It’s November 15, 1980.
I am nine years old.
I listen to Casey Kasem’s Top 40 countdown for the week on my radio while I play in my bedroom. It’s yellow and green, my bedroom, with flowered, embossed wallpaper and a yellow shag carpet. My uncle had just given me the hottest toy of the year, my very own Rubik’s Cube, and I’m twisting and turning it in an attempt to make at least one side a solid color.
Song number 30 is the theme from the television show, “The Dukes of Hazard.” Waylon Jennings sings of those good-old boys as I put aside the cube in frustration and turn to my Fashion Plates. I am a kick-ass designer.
The song “Guilty” by Barbra Streisand and Barry Gibb is song number 29. For some reason, I mentally return to walking through the interior of Tampa Airport then around my grandparents’ Florida community, “Hawaiian Isles,” located in Ruskin off Cockroach Bay Road. We were there in May, when Mount St. Helen’s volcano erupted. I feel the warmth of the Florida sun and smile at the fiddler crabs who wave to me with their enormous claws in unison from the little sandy beach along the Tampa Bay.
The long-distance dedication is from Steve in Boonville, Indiana to Pam, because “this was the only way he could say how he felt.” The evocative notes of “Could This Be Magic” by Barry Manilow follow Kasem’s narration of Steve’s letter. I think of the advertisement I noticed in the latest issue of “US News and World Report” for General Foods International Coffee and fantasize about drinking the classiest of coffees with my future love next to me, undoubtedly just like Steve and Pam must be doing at that exact moment. I bet they chose Mocha Mint over Café Vienna. After all, isn’t that what being an adult is all about, sipping International Coffees and going on cruises aboard the Love Boat with Captain Steubing at the helm and Isaac the bartender serving up Mai Tais with a smile?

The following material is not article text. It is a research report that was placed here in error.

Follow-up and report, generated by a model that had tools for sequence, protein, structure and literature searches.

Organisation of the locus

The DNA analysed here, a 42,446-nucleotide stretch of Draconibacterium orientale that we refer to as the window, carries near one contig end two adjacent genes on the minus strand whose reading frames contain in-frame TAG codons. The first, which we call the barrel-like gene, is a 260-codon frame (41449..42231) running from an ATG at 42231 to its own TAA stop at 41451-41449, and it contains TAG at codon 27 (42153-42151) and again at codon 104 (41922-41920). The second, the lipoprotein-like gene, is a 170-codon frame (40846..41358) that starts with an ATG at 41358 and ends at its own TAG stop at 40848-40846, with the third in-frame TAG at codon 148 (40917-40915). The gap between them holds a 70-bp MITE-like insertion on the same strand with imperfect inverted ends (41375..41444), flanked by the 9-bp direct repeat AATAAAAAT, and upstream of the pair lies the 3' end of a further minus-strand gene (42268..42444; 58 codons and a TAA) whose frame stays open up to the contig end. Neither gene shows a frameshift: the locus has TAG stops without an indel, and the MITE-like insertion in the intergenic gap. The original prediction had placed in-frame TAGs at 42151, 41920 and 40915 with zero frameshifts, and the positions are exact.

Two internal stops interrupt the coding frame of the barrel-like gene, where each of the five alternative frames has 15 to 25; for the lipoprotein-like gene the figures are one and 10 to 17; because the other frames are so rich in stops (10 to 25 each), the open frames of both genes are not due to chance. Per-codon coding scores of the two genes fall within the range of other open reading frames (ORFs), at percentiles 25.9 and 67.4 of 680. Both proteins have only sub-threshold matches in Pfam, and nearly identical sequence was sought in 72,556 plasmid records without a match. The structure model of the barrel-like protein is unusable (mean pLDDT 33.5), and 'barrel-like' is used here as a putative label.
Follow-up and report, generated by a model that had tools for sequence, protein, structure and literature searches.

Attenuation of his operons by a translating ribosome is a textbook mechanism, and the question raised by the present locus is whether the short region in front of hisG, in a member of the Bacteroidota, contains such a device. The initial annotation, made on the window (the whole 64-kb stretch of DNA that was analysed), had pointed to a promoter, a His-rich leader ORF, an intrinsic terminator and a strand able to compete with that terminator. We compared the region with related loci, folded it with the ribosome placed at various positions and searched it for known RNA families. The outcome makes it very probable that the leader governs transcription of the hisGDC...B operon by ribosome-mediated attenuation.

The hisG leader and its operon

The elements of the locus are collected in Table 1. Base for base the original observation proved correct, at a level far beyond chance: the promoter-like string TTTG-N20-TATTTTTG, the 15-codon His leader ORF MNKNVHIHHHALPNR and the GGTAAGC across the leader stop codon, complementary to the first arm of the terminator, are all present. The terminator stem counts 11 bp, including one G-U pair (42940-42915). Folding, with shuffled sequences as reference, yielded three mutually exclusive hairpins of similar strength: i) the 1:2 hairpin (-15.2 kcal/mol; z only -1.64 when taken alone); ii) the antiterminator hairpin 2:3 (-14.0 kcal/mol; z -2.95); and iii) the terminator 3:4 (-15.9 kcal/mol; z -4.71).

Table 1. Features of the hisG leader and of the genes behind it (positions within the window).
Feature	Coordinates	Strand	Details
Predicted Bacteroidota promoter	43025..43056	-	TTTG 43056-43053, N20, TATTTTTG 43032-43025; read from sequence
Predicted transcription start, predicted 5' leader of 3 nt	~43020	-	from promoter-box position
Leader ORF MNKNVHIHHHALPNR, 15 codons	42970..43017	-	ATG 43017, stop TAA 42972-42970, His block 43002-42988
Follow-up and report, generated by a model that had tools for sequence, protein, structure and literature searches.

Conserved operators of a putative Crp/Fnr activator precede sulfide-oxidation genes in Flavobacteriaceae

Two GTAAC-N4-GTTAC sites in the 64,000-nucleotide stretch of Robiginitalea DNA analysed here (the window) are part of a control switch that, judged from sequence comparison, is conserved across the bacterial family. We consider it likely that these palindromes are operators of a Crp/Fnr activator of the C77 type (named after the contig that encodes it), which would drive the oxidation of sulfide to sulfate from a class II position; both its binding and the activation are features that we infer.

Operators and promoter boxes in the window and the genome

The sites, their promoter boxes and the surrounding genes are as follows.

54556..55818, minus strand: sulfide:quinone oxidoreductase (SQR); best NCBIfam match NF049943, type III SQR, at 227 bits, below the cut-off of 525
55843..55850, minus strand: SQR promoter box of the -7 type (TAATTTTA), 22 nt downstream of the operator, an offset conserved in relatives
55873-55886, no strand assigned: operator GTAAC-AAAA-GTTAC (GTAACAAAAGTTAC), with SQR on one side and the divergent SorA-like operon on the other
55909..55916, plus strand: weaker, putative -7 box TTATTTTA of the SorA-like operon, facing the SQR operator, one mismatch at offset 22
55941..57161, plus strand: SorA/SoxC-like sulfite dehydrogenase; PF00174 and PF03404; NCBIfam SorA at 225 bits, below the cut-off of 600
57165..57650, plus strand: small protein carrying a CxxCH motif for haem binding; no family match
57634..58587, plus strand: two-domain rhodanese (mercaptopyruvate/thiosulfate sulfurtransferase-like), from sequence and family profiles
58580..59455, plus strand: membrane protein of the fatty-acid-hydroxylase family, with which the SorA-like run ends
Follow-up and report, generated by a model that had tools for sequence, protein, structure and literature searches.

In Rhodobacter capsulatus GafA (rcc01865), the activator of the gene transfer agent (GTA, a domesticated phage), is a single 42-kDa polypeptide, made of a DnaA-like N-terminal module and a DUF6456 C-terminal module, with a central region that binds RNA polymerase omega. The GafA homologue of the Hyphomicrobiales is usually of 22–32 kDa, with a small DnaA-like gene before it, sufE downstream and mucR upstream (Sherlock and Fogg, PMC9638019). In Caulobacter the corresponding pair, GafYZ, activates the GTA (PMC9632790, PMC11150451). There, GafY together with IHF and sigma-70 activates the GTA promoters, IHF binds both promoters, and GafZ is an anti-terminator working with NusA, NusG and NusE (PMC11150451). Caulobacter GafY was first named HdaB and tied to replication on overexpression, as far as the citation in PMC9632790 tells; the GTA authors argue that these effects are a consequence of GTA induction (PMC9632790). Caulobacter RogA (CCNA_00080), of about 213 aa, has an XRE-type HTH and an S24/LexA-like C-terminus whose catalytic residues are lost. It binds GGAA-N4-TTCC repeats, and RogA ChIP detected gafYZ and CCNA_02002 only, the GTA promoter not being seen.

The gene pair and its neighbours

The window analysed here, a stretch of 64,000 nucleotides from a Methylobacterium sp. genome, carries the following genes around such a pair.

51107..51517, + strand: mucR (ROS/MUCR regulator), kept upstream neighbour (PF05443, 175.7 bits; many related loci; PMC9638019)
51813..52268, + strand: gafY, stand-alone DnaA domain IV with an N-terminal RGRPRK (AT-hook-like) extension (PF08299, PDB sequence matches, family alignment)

I need to leave the countdown for a while because I eagerly want to help my mother clean the bathroom. She bought a can of Scrubbing Bubbles at the Grand Union earlier that week and I cannot contain my excitement. I look over her shoulder with anticipation as she aims the can then covers the blue porcelain tub with the magical white foam. I expect to see the bubbles racing each other around the perimeter like they do on the commercial, but the bubbles just sit there and drip. Some of them evaporate before she even has the chance to wipe them up with her sponge. Maybe the tub was too big, maybe they need a smaller racetrack. “Try the sink!” I urge, and she does likewise after she’s rinsed out the tub. I am left disappointed yet again as none of the bubbles have giant eyes or a brushy bottom, and they most certainly do not race each other.
I skulk back to my room, pack up my Fashion Plates, and set up to play teacher as Kasem announces song number sixteen, “Hit Me With Your Best Shot” by Pat Benatar. I dance around my room, recreating the little routine my friend and I made up to the song while roller skating a few days prior. We choreographed the routine in the street facing my house and perfectly hit each move, popping out our hips then skating left-then-right-then-roll with our arms punching out as we mimic the Aerobics craze sweeping the nation but on skates.
Crack that Whip!
Now Whip it, Into shape, Shape it up, Get straight, Go forward, Move ahead, Try to detect it, It’s not too late, To whip it, Whip it good! Song number fifteen makes me think of my most-recent sleepover at my roller-skating friend’s house. Her older sister is so cool, I want to be like her when I grow up. It’s in her rec room that we watch many episodes of “The Smurfs” and would witness the second-biggest televised wedding ever when Luke would marry Laura a year later.